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Pakistan bracing for polio travel restrictions

May 6, 2014

ISLAMABAD (AP) — Pakistan scrambled Tuesday to meet new international travel restrictions aimed at preventing the spread of polio, including setting up vaccination points at all airports, officials said.

The World Health Organization has declared the spread of polio an international public health emergency and identified Pakistan, Syria and Cameroon as having allowed the virus to spread beyond their borders. It recommended that those three governments require citizens to obtain a certificate proving they have been vaccinated for polio before traveling abroad.

The restrictions will be a heavy burden, but Pakistan is convening emergency meetings and implementing measures such as setting up desks for polio vaccinations at all airports to comply with them, Health minister Saira Afzal Tarar told the private Dawn TV station.

“It is an extraordinary situation,” she said.

Another daunting task is to determine how much vaccine would be required for thousands of people traveling abroad from Pakistan on a daily basis, she said. She said the authorities had been tasked to compile the data as soon as possible and the Pakistani military was already coordinating with civilian authorities to help secure health workers in dangerous areas.

The vast majority of new polio cases are in Pakistan, a country that an independent monitoring board set up by the WHO has called “a powder keg that could ignite widespread polio transmission.” The disease is largely found in the northwest where Islamic militants make it difficult to reach children for vaccination and spread propaganda claiming the vaccine makes boys sterile.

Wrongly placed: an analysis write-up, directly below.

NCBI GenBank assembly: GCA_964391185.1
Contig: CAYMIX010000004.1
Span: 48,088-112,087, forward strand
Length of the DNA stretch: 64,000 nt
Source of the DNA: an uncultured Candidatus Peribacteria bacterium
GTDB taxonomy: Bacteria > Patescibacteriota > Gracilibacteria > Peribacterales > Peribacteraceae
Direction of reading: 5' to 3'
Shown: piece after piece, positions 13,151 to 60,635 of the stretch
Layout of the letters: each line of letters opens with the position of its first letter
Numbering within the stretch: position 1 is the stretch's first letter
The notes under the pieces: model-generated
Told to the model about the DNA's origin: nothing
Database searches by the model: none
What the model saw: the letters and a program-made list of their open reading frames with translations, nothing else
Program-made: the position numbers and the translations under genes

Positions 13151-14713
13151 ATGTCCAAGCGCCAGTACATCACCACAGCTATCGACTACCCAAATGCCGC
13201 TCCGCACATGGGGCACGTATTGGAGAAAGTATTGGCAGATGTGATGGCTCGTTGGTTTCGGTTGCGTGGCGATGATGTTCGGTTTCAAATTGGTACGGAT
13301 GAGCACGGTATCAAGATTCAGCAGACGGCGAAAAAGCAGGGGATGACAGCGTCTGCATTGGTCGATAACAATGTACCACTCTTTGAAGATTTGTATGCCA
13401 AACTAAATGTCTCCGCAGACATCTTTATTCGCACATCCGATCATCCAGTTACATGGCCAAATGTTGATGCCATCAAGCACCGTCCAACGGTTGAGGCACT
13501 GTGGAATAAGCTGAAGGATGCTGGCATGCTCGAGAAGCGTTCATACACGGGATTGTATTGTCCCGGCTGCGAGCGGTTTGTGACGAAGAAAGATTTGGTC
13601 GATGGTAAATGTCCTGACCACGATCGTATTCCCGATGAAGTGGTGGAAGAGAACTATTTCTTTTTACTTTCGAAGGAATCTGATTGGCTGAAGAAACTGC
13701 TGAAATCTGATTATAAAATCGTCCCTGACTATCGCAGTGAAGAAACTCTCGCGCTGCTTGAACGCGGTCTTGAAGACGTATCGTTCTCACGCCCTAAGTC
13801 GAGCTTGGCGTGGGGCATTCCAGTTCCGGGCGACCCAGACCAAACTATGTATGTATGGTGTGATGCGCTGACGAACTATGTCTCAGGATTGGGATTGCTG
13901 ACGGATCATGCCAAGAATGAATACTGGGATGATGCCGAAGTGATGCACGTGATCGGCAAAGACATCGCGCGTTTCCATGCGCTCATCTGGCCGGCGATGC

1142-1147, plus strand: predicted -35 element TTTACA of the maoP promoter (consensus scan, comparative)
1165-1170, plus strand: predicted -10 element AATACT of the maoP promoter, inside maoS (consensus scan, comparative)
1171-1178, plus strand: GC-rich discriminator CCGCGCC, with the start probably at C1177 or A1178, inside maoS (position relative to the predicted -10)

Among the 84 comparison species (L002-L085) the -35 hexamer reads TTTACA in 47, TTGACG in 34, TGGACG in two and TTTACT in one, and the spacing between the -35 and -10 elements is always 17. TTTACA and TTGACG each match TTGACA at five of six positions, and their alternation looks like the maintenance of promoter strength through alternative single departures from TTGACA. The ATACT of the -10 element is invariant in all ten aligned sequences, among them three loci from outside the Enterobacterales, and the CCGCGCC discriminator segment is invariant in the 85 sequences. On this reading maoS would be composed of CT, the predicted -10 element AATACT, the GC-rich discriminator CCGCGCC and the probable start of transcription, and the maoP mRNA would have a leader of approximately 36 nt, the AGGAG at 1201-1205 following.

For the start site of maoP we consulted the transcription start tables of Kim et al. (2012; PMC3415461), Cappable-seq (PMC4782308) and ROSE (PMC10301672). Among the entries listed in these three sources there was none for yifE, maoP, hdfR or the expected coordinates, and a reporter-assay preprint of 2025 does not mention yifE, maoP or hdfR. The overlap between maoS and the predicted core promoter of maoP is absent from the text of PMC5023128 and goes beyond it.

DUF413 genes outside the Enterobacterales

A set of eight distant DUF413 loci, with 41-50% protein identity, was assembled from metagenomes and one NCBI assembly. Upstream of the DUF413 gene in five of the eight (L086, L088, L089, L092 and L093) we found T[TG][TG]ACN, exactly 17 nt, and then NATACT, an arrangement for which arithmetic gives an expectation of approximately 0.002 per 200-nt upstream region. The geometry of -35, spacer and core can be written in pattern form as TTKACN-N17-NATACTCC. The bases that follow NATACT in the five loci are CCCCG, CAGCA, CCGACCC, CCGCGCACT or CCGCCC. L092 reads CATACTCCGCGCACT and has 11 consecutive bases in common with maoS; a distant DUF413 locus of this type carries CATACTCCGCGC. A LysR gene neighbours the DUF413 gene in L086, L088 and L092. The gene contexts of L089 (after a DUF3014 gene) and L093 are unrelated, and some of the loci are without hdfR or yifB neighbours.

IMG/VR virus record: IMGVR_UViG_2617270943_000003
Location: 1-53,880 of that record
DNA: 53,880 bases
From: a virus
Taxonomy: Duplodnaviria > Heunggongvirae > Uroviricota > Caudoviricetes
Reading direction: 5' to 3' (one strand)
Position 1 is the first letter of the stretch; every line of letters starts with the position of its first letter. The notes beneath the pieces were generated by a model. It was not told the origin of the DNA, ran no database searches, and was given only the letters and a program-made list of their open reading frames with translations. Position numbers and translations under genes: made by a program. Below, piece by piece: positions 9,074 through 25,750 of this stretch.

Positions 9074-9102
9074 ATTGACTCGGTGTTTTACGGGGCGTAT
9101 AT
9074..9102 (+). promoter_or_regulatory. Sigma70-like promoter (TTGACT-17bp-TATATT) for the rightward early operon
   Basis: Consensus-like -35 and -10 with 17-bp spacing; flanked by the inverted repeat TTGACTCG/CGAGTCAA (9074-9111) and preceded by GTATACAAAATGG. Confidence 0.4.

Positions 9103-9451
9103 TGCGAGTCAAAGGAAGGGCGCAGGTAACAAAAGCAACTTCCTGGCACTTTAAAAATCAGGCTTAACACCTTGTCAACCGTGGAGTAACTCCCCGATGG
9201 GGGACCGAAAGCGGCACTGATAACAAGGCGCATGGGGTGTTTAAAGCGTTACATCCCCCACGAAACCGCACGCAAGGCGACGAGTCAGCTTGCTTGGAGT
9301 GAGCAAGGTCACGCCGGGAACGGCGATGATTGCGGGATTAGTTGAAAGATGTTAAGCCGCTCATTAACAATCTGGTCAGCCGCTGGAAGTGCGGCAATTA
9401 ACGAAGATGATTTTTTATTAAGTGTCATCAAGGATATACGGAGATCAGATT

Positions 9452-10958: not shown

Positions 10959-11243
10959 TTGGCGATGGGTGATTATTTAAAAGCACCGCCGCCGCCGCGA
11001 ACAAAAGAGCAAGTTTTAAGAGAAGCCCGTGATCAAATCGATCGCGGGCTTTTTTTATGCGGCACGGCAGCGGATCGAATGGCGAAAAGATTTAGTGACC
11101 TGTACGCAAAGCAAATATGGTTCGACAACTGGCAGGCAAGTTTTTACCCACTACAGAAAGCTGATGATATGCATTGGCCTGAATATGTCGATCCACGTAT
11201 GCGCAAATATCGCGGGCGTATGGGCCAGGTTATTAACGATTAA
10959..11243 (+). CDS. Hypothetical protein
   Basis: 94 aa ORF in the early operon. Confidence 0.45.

Dozens of polio workers have been killed over the last two years in Pakistan as Islamic militants accuse them of spying for the U.S. government. Those suspicions stem at least partly from the disclosure that the CIA used a Pakistani doctor to uncover Osama bin Laden’s hideout by trying to get blood samples from his family under the guise of a hepatitis vaccination program. U.S. commandos killed the al-Qaida leader in May 2011 in the Pakistani garrison town of Abbottabad.

Ayesha Raza Farooq, who heads the polio eradication cell at the Pakistani prime minister’s office, said the recommendation was being taken seriously. “We will try our best to ensure that the WHO doesn’t need to extend the restrictions after review in six months,” she told another private station Capital TV.

WHO figures say Pakistan recorded 91 cases of polio last year and 59 so far this year.

Nearly 90 percent of the cases come from Pakistan’s tribal region of North Waziristan, which is under complete control of militants and inaccessible to health workers, said the health minister.

“So, I would say that we have an extra ordinary situation, that shouldn’t be compared with any other country.”


Associated Press Writer Zarar Khan contributed to this report.

Update hourly